A young American man holds up a dollar sign during an Occupy Wall Street rally against the high cost of college tuitions April 25, 2012 in New York. Scores of students and former students gathered to complain about the high cost of tuitions and college loans. April 25th marked the day when US student debt reached USD 1 trillion.
Demands to cancel debt were a rallying cry for Occupy Wall Street activists, but the idea has now become mainstream
Cancelling student debt was once a fringe idea in the US, but as loans mount, it’s become increasingly mainstream.
For her birthday this year, Alicia Davis received one of the best gifts ever: word that roughly $20,000 (£14,500) of her student debt would be erased.
It’s a massive relief, resolving an issue that has drawn threats from debt collectors, raised questions in job interviews and ruined her credit, making it difficult to do things like buy a car.
“This is the best birthday present,” the 38-year-old recalls thinking. “I’m able to function in society now.”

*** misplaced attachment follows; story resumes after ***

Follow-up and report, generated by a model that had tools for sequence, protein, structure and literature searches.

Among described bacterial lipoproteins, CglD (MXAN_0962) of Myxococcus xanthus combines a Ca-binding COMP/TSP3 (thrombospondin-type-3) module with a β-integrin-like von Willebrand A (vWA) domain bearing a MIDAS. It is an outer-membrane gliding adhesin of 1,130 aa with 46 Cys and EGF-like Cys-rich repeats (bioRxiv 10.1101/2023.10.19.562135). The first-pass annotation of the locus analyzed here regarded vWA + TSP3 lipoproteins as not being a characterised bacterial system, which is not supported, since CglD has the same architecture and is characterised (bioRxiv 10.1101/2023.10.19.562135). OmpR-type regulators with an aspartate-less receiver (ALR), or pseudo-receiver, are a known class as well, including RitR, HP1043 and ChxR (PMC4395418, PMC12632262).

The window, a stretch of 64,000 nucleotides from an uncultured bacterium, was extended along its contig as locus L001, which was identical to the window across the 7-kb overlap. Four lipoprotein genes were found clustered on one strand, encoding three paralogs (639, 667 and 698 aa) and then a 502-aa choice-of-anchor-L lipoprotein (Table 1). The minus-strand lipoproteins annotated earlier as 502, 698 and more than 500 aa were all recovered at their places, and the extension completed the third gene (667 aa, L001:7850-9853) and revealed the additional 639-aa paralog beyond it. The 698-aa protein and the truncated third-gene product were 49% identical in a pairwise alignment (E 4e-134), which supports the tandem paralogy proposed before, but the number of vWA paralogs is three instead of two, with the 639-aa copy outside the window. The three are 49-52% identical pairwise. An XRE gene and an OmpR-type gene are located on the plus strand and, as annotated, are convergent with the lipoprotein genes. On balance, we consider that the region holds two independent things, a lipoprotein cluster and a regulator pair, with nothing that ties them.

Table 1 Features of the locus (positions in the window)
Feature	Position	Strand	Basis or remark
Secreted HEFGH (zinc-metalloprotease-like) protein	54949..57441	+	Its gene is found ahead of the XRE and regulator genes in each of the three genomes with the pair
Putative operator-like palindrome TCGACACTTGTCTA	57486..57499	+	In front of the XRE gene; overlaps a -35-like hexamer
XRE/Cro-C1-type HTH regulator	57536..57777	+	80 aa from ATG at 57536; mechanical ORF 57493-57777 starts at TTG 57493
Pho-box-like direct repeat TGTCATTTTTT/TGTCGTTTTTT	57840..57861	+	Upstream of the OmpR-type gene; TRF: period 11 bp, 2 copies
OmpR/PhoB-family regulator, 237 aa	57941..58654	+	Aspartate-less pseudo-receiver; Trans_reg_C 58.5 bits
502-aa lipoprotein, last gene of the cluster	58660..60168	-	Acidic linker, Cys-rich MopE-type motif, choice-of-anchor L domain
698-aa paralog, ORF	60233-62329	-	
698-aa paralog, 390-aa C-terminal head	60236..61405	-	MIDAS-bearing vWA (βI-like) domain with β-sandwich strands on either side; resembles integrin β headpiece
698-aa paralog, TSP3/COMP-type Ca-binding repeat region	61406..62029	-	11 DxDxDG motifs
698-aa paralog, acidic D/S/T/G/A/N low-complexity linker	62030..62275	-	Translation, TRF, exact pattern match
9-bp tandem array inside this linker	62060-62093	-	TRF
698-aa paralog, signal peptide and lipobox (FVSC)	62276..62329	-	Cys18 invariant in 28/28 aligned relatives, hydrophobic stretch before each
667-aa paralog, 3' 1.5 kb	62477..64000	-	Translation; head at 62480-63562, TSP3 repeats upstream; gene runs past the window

The forgiveness came after the Department of Education in March agreed to fully cancel debts from borrowers, like Alicia, who had proven to officials that their schools had misled them about things like cost and employment prospects.
The move was among a series of steps the Biden administration has taken to address America’s rapidly mounting student debt, which hit $1.7 trillion (£1.2tn) last year. But he faces pressure from his party to do far more.
Senate Majority Leader Chuck Schumer (D-NY) holds a news conference to reintroduce a resolution to cancel up to $50,000 of student loan debt, at the Capitol in Washington, U.S., February 4, 2021.
Chuck Schumer at a news conference to reintroduce a resolution to cancel up to $50,000 of student loan debt
Top Democrats, including Senate Majority Leader Chuck Schumer, have called on the president to use his power to wipe out borrower debts up to $50,000…Read More from BBC
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